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The term Chippendale specifically refers to English furniture of the 1750s and ’60s made in a modified Rococo style.

Chippendale History

Chippendale various styles of furniture fashionable in the third quarter of the 18th century and named after the English cabinetmaker Thomas Chippendale  The first style of furniture in England named after a cabinetmaker rather than a monarch. It became the most famous name in the history of English furniture at a time when such craftsmanship was at its peak of its popularity.

The descriptive term Chippendale is derived from a book of furniture designs, published in 1754 in London called The Gentleman and Cabinet – Makers Director.  The book was enthusiastically received as it was the first of its kind, and furniture based on Chippendale’s designs was crafted in England, on the European continent, and in the American Colonies.

Chippendale designs fall into three main styles: Gothic,Rococo and  Chinese. Chippendale blended these different stylistic elements into harmonious and unified designs. The term Chippendale specifically refers to English furniture of the 1750s and ’60s made in a modified Rococo style.


Chippendale Rococo designs were French in origin, but Chippendale modified some of them for the less flamboyant English market an example of this would be his French chairs ,based on Louis XV designs . Probably the best-known Chippendale design is a broad-seated ribbon back chair , with a back rail in the form of a cupid’s bow. The most elaborate Rococo designs, carved and gilded, were those for mirror frames, girandoles, and console tables.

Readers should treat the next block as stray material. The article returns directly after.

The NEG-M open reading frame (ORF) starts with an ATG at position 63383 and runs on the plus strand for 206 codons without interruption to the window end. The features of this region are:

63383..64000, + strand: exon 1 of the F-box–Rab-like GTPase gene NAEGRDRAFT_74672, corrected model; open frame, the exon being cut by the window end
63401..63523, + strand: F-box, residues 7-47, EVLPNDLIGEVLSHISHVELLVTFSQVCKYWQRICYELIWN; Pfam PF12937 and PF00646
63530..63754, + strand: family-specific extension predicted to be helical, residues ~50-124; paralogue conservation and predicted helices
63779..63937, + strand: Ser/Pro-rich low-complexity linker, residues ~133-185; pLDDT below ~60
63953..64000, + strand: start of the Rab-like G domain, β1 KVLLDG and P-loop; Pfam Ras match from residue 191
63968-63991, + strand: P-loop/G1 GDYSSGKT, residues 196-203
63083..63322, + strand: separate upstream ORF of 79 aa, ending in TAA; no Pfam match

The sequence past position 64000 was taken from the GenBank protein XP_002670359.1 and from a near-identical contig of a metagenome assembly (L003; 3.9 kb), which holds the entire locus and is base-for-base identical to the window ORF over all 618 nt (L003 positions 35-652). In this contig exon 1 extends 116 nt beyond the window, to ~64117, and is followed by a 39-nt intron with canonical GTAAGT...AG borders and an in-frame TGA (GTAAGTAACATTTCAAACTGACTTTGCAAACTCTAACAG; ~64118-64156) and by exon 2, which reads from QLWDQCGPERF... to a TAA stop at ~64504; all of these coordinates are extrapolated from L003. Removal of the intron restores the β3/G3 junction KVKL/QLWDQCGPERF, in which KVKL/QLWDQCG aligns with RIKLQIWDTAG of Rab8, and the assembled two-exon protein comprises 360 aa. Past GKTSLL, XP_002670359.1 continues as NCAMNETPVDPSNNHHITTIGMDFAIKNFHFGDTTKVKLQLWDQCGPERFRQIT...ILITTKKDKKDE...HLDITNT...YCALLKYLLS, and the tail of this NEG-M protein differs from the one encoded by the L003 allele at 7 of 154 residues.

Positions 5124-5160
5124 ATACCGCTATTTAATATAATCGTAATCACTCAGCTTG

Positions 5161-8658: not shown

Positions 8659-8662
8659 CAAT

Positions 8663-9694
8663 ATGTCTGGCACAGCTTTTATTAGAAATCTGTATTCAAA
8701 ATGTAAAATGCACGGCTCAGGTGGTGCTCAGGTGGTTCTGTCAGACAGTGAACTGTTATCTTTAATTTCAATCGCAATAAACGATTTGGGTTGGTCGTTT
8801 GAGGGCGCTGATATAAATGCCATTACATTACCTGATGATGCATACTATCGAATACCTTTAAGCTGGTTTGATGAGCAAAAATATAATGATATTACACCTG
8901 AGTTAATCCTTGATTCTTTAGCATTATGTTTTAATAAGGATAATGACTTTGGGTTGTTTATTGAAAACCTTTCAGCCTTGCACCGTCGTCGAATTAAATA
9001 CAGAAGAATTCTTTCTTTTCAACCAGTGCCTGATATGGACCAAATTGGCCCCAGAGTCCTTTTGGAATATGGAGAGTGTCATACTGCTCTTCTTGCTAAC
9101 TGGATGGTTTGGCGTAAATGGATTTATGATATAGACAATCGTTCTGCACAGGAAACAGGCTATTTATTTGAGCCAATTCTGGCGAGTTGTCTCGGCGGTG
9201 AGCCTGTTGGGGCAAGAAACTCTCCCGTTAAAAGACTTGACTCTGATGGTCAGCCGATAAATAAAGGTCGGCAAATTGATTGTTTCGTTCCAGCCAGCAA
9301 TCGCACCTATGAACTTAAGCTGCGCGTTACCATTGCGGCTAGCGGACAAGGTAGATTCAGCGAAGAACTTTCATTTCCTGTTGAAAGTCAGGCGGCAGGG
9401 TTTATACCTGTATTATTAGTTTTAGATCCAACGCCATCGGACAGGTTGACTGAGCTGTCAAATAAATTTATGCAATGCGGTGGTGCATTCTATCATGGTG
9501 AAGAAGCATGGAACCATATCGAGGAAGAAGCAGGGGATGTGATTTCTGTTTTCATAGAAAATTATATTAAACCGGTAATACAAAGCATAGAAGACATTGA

Some pieces of Chinese Chippendale furniture, often intended for rooms decorated in chinoiserie, or Chinese style, were japanned, or coated with oriental-style lacquer.



Chippendale  Gothic used arches and curves into the backs of chairs and massive bookcases. Chippendale designs were simplified and adapted in the second half of the 18th century; two of these modified designs are country Chippendale and Irish Chippendale.




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